Air tax rise sparks further lobbying from airline heads
An 8% increase in Air Passenger Duty (APD) came into effect yesterday (1 April), sparking further calls from the heads of easyJet, Ryanair, Virgin Atlantic and International Airlines Group (IAG) urging the Treasury to review the tax.
The rise in APD on short-haul flights means consumers now pay £13 in tax compared with the previous £12, while the tax on long-haul flights above 6,000 miles has risen from £85 to £91 per person.
EasyJet’s Carolyn McCall, Ryanair’s Michael O’Leary, Virgin Atlantic’s Steve Ridgeway and BA owner IAG’s Willie Walsh, have again joined forces again to lobby Chancellor George Osborne about the increases in tax. The four wrote an open letter to Osborne in November.
They said: "We urge George Osborne to make APD the first tax to be examined under the Treasury’s new review of the wider impacts of taxation on the economy," adding that the increases will "hit millions of hard-working families and damage the wider economy".
APD has four bands based on distances travelled. After the short-haul increases, the tax on flights of up to 4,000 miles has risen from £60 to £65, and that on flights between 4,000 and 6,000 miles has increased from £75 to £81.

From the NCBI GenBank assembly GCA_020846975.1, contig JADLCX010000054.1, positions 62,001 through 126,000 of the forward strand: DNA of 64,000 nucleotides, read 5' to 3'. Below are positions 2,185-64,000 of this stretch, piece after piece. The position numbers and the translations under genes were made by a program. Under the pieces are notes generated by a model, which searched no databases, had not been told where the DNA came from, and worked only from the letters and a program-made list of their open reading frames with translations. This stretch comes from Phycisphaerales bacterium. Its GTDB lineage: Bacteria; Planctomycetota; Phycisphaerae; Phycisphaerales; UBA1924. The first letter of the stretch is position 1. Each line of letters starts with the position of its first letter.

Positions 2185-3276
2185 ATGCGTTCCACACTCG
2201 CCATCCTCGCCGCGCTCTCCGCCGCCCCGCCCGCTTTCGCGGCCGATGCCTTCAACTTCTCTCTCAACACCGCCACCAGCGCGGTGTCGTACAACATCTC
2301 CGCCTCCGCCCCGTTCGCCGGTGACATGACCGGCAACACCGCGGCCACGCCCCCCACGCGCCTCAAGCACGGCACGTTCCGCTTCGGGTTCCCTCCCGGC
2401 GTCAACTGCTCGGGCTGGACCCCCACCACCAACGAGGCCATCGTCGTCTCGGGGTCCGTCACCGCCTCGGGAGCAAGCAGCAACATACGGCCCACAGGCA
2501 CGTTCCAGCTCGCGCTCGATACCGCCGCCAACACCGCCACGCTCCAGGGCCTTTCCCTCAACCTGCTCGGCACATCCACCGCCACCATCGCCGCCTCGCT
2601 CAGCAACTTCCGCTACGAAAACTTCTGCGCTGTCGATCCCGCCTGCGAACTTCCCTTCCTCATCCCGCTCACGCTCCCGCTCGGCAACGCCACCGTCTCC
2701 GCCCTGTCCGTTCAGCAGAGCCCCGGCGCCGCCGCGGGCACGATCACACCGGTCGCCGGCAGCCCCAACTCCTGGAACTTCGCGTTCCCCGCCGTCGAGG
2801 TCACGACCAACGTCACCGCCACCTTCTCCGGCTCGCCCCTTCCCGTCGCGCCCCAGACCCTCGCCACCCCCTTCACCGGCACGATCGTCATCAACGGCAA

The airline chiefs stated these increases will now see a family of four pay £500 in tax to fly economy class to Australia, which would have cost the same family £80 in 2005.
The Government has defended the increases to APD by stating that the tax was frozen last year, while private jets have been incorporated into the new tax rules for the first time.
Separately, the European Commission has given regulatory approval for IAG’s takeover of loss-making carrier bmi from Lufthansa.
As part of the deal, worth £172.5m, IAG has agreed to give up 14 daily runway slots at Europe’s busiest airport, Heathrow.
This article was first published on marketingmagazine.co.uk
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